Bacteria in your mouth could be oral cancer clues
New oral cancer research suggests that it could one day be possible to detect the disease by monitoring bacteria in the mouth.
Changes in the microbial community are commonly associated with dental diseases such as periodontal disease, which is most likely a poly-microbial disease characterized by outgrowth of certain pathologic organisms, and chronic periodontitis has been reported to be a risk factor for oral premalignant lesions and cancers.
“We know that other cancers, including gallbladder, colon, lung, and prostate, have been associated with particular bacterial infections, so we hypothesized that shifts in the composition of the normal oral cavity microbiome could be promoters or causes of oral cancer,” says study coauthor Donna Albertson of the Bluestone Center for Clinical Research at the New York University College of Dentistry.
The findings, published in PLOS ONE, begin to develop a framework for exploiting the oral microbiome for monitoring oral cancer development, progression, and recurrence.
In cancer samples from both a discovery (n=5) and a subsequent confirmation cohort (n=10), abundance of Firmicutes (especially Streptococcus) and Actinobacteria (especially Rothia) was significantly decreased relative to contralateral normal samples from the same patient.
Significant decreases in abundance of these phyla were observed for pre-cancers, but not when comparing samples from contralateral sites (tongue and floor of mouth) from healthy individuals. Using differences in abundance of the genera Actinomyces, Rothia, Streptococcus, and Fusobacterium, the team was able to separate most cancer samples from pre-cancer and normal samples.
About oral cancer
Each year, approximately 22,000 Americans are diagnosed with oral cancer. The five-year survival rate of 40 percent in the US is one of the lowest of the major cancers, and it has not improved in the past 40 years.
More people die each year in the US from oral cancer than from melanoma, cervical, or ovarian cancer. Worldwide, the incidence of oral cancer is increasing, particularly among young people and women, with an estimated 350,000–400,000 new cases diagnosed each year.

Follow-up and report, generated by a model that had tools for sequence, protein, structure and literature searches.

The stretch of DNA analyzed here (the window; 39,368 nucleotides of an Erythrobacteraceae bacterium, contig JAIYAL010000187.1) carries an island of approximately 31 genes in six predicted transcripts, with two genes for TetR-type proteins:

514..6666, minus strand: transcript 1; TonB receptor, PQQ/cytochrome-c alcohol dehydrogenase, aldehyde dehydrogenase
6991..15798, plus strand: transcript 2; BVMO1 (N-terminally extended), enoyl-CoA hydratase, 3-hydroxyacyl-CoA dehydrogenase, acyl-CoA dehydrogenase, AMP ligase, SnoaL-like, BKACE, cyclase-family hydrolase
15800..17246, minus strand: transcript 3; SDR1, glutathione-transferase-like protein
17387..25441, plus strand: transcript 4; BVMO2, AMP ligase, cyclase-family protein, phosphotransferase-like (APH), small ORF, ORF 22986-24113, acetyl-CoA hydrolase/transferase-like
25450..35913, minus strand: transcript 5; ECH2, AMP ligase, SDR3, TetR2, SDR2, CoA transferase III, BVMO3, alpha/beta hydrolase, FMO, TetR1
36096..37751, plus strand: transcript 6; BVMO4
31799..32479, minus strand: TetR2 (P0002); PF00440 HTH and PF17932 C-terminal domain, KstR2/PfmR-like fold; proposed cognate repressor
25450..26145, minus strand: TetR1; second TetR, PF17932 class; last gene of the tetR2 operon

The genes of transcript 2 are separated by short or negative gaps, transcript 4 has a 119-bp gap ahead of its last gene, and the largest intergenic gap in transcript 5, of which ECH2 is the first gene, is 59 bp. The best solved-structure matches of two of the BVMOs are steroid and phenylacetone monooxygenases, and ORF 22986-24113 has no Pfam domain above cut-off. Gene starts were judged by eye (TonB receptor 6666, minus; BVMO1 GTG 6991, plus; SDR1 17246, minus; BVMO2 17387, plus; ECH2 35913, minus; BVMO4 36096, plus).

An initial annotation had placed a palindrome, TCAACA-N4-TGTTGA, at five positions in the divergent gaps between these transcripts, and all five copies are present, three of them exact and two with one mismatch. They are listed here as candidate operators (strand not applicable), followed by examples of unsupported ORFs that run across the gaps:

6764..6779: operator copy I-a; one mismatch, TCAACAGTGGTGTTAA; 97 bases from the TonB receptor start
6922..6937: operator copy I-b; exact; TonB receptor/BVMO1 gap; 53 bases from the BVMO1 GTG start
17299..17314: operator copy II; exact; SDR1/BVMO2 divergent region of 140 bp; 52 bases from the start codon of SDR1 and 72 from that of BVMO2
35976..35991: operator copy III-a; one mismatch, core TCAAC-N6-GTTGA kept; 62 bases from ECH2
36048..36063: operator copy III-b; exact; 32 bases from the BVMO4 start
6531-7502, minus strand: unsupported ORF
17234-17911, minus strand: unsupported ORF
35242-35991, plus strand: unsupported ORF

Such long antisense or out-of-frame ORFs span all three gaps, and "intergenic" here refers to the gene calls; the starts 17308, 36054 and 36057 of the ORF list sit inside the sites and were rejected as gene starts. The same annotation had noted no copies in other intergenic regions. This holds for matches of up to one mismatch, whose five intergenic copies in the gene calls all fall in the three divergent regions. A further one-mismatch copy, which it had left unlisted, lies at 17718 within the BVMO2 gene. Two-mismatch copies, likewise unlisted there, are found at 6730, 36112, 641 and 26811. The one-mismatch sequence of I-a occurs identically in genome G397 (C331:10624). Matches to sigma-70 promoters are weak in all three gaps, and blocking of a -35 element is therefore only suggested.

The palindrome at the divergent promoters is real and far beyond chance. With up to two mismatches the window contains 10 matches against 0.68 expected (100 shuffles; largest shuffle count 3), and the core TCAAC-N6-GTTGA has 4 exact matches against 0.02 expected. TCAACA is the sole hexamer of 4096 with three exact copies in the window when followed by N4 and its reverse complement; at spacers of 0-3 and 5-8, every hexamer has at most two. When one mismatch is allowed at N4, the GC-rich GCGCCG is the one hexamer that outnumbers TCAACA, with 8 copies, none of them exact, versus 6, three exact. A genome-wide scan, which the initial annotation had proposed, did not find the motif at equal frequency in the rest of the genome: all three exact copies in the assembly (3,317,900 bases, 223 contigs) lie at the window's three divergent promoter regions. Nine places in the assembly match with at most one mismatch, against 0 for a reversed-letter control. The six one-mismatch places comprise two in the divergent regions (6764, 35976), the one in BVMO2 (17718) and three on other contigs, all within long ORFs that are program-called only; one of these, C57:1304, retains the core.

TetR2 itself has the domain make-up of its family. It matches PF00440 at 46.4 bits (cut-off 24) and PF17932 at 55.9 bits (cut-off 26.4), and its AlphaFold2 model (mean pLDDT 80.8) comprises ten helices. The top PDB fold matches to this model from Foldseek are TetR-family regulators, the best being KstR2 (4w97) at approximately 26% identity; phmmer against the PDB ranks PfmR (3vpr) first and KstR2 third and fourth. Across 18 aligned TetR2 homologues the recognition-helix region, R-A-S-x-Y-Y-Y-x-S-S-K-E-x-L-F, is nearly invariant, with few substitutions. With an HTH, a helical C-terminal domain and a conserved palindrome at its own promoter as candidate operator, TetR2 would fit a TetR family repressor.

“The major risk factors, tobacco and alcohol use, alone cannot explain the changes in incidence, because oral cancer also commonly occurs in patients without a history of tobacco or alcohol exposure,” says Brian Schmidt, professor of oral and maxillofacial surgery and director of the Bluestone Center for Clinical Research at the NYU College of Dentistry.
“The oral cavity offers a relatively unique opportunity to screen at risk individuals for (oral) cancer, because the lesions can be seen, and as we found, the shift in the microbiome of the cancer and pre‑cancer lesions compared to anatomically matched clinically normal tissue from the same individual can be detected in non‑invasively collected swab samples,” says Schmidt.
Non‑invasively sampling the microbiome of oral lesions and corresponding normal tissue opens the possibility to not only detect cancer‑associated changes at one time point, but the relative stability of the adult oral microbiome also offers the opportunity to monitor shifts in bacterial communities over time.
“Here we observed changes in the microbiome, which, in future larger studies, may be confirmed as a potential biomarker of oral cancers or pre‑cancers, and may even have utility to discriminate patients with lymph node metastases,” notes Albertson. “In addition, there are other challenges in clinical management of oral cancers that would benefit from better diagnostic tools.”
Oral cancer patients are also at risk of second primary cancers and recurrences. The microbiome may provide signatures that can be used as a biomarker for monitoring field changes associated with the high rate of second primary oral cancers and recurrences.
The team also notes the possibility of medically modulating the oral microbiome for treatment of oral pre-cancers and damaged fields (field cancerization).
Roche, the National Center for Research Resources, the National Center for Advancing Translational Sciences, the National Institutes of Health, the National Cancer Institute, the National Institute of Dental and Craniofacial Research partially supported the study.
Its contents are solely the responsibility of the authors and do not necessarily represent the official views of the NIH. The funders had no role in study design, data collection and analysis, decision to publish, or preparation of the manuscript.